NBA to Increase Call Efficiency With Centralized Replay System


One of the most criticized aspects in the NBA and most professional sports is refereeing. Despite a drastic change in technology over the last decade, by utilizing replays to aid officials, missed calls are still a common occurrence. As such, the NBA will follow in the steps of the NHL by utilizing an offsite system next year.

Controversy erupted last week during Game Five of the semi-finals between the Los Angeles Clippers and Oklahoma City Thunder due to a questionable call. During the play, Matt Barnes attempted to swipe the ball away from Reggie Jackson; however, his hand never got quite near the ball. Because of this, it seemed more than evident that the ball was out on the Thunder guard. Immediately after the play, the refs gathered around a court monitor and tried to make out who the ball was out on. Surprisingly, the refs kept their ruling and it was called out on the Clippers. Not only was it argued that the refs made the incorrect call, but much like all other replays, the process took quite some time to figure out.

As criticized as the NBA is on their officiating, they have always made strides to improve the system. A centralized replay system may be the answer. The NHL is the first and only sport at this point to implement the system. If the NBA follows suit, it may be able to eliminate situations like the questionable Game Five call.

Unlike the current NBA configuration, the NHL’s system takes place in an off-site central control center in Toronto. In the 20 by 40 foot room, there is a wall of TVs that are operated in real-time by on-site technicians, who are managed by NHL executives. This high-tech environment not only is speedier than on-site replays, but it also utilizes several camera angles simultaneously. Typically during an NBA game, there are 12 cameras following the action over various networks. In this process, executives will have all of these cameras at their disposal to ensure the right call is made.

How the ruling process is conducted is simple in the NHL. Once the executive makes a decision on the play, he is patched through to the replay judge in the arena. Following this, a headset is given to the head referee where the executive tells the official the ruling.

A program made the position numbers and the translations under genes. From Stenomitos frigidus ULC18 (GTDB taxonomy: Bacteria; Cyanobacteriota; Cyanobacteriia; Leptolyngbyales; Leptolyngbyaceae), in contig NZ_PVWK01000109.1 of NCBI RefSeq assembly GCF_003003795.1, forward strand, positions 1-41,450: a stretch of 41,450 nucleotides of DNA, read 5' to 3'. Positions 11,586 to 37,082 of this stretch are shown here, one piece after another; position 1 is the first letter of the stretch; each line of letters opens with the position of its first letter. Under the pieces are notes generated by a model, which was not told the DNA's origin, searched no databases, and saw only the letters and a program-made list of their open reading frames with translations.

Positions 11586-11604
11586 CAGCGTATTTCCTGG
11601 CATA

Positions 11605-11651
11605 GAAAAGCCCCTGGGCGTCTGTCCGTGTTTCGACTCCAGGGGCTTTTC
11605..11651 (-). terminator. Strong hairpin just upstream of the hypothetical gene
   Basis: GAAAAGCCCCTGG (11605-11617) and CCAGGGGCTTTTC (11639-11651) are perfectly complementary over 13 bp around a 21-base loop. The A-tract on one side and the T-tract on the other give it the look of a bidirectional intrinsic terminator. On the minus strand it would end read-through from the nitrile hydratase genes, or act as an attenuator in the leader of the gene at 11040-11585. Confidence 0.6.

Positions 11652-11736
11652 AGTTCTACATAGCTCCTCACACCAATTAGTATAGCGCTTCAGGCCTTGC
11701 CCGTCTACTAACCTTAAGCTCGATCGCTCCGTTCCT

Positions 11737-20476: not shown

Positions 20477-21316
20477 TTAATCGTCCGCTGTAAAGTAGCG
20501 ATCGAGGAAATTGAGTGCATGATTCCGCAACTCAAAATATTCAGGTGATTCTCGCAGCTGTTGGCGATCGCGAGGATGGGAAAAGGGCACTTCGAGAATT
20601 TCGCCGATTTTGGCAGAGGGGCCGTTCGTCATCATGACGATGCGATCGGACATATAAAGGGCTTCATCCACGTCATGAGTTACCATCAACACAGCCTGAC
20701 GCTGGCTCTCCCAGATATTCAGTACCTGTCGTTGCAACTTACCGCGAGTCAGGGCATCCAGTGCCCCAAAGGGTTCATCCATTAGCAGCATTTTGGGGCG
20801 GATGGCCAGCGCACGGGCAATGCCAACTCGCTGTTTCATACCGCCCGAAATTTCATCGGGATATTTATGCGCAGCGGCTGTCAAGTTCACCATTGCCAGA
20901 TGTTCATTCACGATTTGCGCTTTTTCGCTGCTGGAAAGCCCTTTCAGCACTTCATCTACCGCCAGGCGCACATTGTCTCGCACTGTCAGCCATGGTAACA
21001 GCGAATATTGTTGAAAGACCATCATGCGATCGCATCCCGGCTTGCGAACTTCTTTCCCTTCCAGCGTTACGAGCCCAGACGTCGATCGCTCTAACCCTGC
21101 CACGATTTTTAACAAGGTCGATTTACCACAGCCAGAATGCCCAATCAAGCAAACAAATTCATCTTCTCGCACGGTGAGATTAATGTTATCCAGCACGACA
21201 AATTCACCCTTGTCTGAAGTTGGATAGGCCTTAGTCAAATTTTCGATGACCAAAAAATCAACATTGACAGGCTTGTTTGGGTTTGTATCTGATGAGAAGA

The nice thing about this system is that it combines two things that is a problem in the NBA. The first, of course, is that it will enable a thorough system that will allow the league to, hopefully, make the right call. No longer will the NBA issue statements that the wrong call was made the night before. No longer will a player or team get the bad side of a call, thanks to the precision of the command center.

Additionally, games will not move at a snail’s pace. This postseason has resulted in quite a bit of overlap if two games are butting heads with each other. This technology will enable a swift decision, which will result in shorter games. Oftentimes when using the on-site playback system, it can take up to five minutes to make a decision. This is not only is distracting for the viewer, but it can slow down the momentum of a team.

As great as this system seems, nothing is certain. The NHL has done a fantastic job in utilizing this state-of-the-art system, which is why it, arguably, has the best officiating in all of professional sports. However, it also has been put to use for the last three years. When the NBA most likely implements this system next year, it will be new to everyone. It will not be perfect. Executives and technicians will have to be trained. The technology will have to be top-of-the-line and adjusted throughout the season. In essence, just because it works in the NHL, does not mean it will work in the NBA from the get-go.

Despite the mystery of this new technology though, it will serve as a great tool for the league — not to mention that it will most likely lead to the NFL and MLB to follow suit. Most importantly, if this technology is used properly, it will remove any stigma the league has had in terms of conspiracy theories of refs favoring one team over another.

Commentary by Simon Mounsey


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